Disgruntled Promontory employee arrested after, police say, making threat to shoot people
After being told he would lose his job, a Promontory employee threatened to shoot multiple people at a public place and “go down in a blaze of glory” in a gun battle with law enforcement, according to a report from the Summit County Sheriff’s Office.
Deputies responded both to Promontory, where the threat was made, and to the man’s residence, Lt. Andrew Wright said, which they searched and found no weapons. The incident happened around lunchtime Wednesday, according to the report.
Wright said the 35-year-old Park City man was remorseful for the panic he had caused and lacked the means to carry out his threat.
“In today’s age … we don’t take threats like that lightly,” Wright said. “If someone is making a threat like that out of frustration but doesn’t have the means to follow through, we don’t know that when someone makes that kind of threat.”
The man was arrested and booked into jail. He was charged with threat of violence, a class B misdemeanor.
A Promontory spokesperson in an email declined to comment on “internal human resource matters” and would not confirm what the man’s job was or whether he was fired or had quit. Wright said the man is not allowed back on Promontory property.
The man said he was going to “snipe” people at a specific public place with an assault rifle, then shoot it out with police if Promontory hurt his family, according to the report.
The man had told management he was going to quit, and when he requested to retract that statement, they denied the request. He had also been disciplined for insubordination, according to the report. After that, the man made the threat.
Staff and management told the authorities they were frightened and took the threats seriously and reported them to the Sheriff’s Office. The man had left the scene by the time deputies responded to Promontory, but another team of deputies found him at his house.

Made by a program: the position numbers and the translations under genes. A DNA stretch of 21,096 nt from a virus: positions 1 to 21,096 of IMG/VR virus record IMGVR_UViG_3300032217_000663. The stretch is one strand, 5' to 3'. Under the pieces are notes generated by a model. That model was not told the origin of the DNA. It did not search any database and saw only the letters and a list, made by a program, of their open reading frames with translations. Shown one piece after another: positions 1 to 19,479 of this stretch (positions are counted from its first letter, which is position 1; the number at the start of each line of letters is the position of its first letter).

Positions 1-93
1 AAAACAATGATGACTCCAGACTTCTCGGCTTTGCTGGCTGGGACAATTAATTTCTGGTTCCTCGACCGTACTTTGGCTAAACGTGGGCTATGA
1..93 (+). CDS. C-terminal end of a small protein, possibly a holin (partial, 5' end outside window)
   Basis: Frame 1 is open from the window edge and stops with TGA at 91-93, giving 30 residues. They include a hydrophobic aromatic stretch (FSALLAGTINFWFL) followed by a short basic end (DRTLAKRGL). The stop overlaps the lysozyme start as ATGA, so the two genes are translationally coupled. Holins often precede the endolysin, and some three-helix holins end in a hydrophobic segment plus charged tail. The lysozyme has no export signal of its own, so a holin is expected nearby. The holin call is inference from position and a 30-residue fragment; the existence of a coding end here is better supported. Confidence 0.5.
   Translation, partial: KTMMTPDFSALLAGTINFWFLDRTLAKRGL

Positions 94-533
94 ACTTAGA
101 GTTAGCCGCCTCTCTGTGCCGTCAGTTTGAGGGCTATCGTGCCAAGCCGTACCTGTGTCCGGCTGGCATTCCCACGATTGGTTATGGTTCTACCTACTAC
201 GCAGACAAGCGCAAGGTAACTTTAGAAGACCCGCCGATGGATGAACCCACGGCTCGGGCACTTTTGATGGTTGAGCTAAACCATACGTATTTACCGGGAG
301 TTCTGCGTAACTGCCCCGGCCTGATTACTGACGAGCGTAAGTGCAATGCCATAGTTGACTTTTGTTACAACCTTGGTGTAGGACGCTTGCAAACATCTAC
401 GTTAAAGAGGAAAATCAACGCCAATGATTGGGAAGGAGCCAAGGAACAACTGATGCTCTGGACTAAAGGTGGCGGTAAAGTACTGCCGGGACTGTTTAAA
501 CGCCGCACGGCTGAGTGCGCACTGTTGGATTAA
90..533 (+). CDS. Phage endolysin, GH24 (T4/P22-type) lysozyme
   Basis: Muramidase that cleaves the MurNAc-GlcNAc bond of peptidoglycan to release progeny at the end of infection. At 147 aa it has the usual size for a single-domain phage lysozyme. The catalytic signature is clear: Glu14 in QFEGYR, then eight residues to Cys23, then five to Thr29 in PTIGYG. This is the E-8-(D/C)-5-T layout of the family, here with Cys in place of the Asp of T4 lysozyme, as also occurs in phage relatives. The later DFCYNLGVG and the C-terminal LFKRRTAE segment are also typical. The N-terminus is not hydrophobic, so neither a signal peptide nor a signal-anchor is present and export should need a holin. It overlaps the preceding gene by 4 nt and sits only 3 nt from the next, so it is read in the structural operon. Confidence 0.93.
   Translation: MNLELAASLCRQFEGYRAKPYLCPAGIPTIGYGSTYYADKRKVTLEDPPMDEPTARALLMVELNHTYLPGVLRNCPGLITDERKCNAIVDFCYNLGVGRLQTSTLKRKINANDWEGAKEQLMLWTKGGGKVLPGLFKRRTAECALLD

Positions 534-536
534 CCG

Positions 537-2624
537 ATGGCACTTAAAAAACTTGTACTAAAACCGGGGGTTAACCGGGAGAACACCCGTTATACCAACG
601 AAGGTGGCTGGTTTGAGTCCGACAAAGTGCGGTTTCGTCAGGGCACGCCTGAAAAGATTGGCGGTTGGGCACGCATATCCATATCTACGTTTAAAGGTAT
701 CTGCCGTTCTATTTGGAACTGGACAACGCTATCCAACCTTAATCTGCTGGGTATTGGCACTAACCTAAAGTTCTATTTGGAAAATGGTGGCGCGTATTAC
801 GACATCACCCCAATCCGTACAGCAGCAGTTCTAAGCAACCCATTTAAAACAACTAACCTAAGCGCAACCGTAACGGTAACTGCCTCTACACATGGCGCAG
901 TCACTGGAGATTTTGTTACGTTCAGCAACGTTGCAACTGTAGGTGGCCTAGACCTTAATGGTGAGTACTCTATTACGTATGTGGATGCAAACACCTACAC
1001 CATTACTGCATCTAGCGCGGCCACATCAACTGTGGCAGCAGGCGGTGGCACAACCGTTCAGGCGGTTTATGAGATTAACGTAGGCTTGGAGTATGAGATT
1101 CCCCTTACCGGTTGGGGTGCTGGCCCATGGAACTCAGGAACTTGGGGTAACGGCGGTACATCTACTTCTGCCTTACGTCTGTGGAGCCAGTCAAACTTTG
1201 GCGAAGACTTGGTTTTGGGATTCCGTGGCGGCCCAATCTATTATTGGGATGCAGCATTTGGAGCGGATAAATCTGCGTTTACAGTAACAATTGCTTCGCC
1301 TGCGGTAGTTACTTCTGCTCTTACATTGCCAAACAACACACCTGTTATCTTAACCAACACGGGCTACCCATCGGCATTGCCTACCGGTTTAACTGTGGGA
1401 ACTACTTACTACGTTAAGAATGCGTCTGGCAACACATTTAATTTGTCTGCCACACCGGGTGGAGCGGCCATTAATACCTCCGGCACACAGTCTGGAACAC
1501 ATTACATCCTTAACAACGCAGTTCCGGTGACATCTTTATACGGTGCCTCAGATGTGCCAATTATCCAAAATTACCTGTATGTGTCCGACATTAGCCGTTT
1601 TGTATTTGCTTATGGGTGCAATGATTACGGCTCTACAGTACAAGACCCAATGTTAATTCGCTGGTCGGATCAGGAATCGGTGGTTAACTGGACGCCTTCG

In cases when a person has made a “terroristic threat” of violence, Wright said, the first priority is to ensure the people who are being threatened or the place the threats are targeting is secure. At the same time, the office sends out deputies to see if the means exist for the threats to be carried out.
Since the man was encountered at his home, and consented to it being searched, deputies were able to ascertain the man didn’t possess any weapons with which he could conduct a mass shooting.
Wright wasn’t sure if deputies arrived at the home in larger numbers or with greater firepower than usual, or with their guns drawn, but he said it would not be unusual in a case like this. If the man had been driving or near the area he had threatened, deputies would have conducted a “high-risk” stop with a greater show of force and ordered the man to leave his vehicle at gunpoint, Wright said.
“It’s one of those things that people need to remember — you can’t even make those threats,” he said. “We in law enforcement (and the) Sheriff’s Office will take aggressive action against people who make these types of threats. In the climate we live in, the shootings that we see on a regular basis throughout our country. … The Summit County Sheriff’s Office, we don’t want to see it in our county and we’ll take steps to prevent it.”
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The Summit County unemployment rate dropped slightly in October, the state Department of Workforce Services reported.